Apple announced it will be uploading software to iPhone and iOS devices that will automatically scan for images of child exploitation, but privacy watchdog groups are warning the move opens a backdoor for government use.
Apple announced on Thursday that it will be uploading software to all iPhones that will allow the company to automatically scan a user’s phone for potential child exploitation images before the photos are stored onto iCloud photos.
Apple said the system will be called “neuralMatch” and will initially only be rolled out in the United States. However, Apple noted in a blog post that the software will “evolve and expand over time.”
Apple also said it will be applying the technology to its other devices that run on its operating systems, iOS and iPadOS, both due to be released later this year. The company said these devices will have “new applications of cryptography to help limit the spread of CSAM online, while designing for user privacy.”
According to Apple, the system compares pictures to a database of known illegal images compiled by the US National Center for Missing and Exploited Children (NCMEC) and other child safety organizations.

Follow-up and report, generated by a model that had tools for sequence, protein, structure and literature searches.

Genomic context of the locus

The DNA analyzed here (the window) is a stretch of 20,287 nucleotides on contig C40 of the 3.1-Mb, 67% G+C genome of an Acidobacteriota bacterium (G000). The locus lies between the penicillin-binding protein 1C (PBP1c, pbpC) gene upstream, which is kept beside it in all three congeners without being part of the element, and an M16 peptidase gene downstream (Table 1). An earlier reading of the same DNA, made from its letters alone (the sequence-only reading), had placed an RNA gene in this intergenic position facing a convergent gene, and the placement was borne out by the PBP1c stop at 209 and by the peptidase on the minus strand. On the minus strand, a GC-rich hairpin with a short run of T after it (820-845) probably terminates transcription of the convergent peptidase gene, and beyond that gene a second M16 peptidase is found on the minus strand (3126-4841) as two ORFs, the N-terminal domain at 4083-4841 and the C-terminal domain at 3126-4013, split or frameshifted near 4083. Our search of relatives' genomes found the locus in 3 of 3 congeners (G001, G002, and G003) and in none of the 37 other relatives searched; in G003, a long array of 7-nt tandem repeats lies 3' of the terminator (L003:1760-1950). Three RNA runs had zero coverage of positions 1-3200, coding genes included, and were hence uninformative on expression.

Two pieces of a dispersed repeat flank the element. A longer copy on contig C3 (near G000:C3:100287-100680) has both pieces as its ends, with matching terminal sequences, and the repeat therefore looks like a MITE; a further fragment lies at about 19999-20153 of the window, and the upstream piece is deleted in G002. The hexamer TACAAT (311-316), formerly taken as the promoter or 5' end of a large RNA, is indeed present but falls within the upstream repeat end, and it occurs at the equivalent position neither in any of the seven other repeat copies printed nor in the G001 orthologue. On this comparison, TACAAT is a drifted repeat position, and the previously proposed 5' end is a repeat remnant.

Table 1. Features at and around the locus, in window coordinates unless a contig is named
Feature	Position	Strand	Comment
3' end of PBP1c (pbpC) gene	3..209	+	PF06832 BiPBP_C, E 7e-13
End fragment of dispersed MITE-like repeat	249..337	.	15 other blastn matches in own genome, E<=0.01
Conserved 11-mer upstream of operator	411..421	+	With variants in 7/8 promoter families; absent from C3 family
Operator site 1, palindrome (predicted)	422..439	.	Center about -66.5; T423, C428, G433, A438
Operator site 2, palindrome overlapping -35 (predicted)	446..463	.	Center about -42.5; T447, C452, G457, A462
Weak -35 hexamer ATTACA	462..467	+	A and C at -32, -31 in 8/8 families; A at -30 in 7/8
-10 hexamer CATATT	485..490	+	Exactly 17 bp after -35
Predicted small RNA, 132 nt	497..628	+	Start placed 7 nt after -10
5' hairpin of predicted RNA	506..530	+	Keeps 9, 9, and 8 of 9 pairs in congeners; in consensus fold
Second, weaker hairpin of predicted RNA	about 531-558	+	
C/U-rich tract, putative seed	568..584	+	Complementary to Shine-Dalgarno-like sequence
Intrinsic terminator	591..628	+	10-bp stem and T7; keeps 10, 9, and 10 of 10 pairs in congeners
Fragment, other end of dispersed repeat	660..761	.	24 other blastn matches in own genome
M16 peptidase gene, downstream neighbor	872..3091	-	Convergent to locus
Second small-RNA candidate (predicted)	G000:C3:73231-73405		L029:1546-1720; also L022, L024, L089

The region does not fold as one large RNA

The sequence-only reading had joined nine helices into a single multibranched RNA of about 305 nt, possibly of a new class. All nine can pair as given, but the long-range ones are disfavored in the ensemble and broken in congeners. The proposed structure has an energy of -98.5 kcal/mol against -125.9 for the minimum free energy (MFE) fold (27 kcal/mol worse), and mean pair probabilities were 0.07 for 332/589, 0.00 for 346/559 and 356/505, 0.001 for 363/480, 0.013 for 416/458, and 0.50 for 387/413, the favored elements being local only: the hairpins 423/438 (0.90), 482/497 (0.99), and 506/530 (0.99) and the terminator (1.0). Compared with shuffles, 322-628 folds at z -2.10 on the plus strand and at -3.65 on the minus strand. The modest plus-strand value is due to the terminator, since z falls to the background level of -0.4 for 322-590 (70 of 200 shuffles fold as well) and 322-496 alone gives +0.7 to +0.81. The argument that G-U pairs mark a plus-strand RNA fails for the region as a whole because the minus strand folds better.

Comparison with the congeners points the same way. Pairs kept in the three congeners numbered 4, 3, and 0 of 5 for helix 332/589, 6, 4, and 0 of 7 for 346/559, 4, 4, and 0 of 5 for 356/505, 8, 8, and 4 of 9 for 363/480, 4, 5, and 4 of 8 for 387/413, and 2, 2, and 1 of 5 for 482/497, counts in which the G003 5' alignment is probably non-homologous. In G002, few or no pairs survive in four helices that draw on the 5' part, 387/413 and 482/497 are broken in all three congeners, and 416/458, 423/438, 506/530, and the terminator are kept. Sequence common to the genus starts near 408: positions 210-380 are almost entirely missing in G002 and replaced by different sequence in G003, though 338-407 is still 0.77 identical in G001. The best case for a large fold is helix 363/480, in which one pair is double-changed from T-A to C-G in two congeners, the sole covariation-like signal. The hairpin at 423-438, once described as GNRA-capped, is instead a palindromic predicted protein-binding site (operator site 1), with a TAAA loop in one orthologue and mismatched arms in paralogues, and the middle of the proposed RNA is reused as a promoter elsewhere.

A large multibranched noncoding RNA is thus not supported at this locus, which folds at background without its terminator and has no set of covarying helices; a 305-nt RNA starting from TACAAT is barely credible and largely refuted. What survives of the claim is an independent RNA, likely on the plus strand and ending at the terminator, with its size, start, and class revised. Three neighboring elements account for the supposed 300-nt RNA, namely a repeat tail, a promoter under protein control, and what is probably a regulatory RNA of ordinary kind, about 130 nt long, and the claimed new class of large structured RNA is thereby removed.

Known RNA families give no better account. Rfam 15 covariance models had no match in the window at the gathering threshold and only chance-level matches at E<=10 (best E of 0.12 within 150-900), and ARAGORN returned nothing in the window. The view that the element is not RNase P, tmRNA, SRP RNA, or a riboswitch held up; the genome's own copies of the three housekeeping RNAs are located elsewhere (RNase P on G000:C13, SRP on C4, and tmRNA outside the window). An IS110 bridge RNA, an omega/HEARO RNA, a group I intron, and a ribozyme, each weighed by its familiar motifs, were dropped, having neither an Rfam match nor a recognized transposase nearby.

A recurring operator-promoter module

The technology will search for matches of already known material, the BBC reported. The company says this works by translating images into “hashes,” numerical codes which can be “matched” to an image on an Apple device.
In addition, Apple says the technology can also detect edited but similar versions of original images. If a match is found on a user’s device by the software, a human reviewer will then do an assessment and report the user to law enforcement, Apple said.
The announcement by Apple had privacy watchdog groups sounding the alarm that the move goes further than scanning for these images. They argue that effectively the technology essentially opens a backdoor for government intrusion to iOS user’s private lives, the Daily Wire reported.
Apple intends to install software on American iPhones to scan for child abuse imagery, according to people briefed on its plans, raising alarm among security researchers who warn that it could open the door to surveillance of millions of people’s personal devices,” the Financial Times reported. “The automated system would proactively alert a team of human reviewers if it believes illegal imagery is detected, who would then contact law enforcement if the material can be verified.”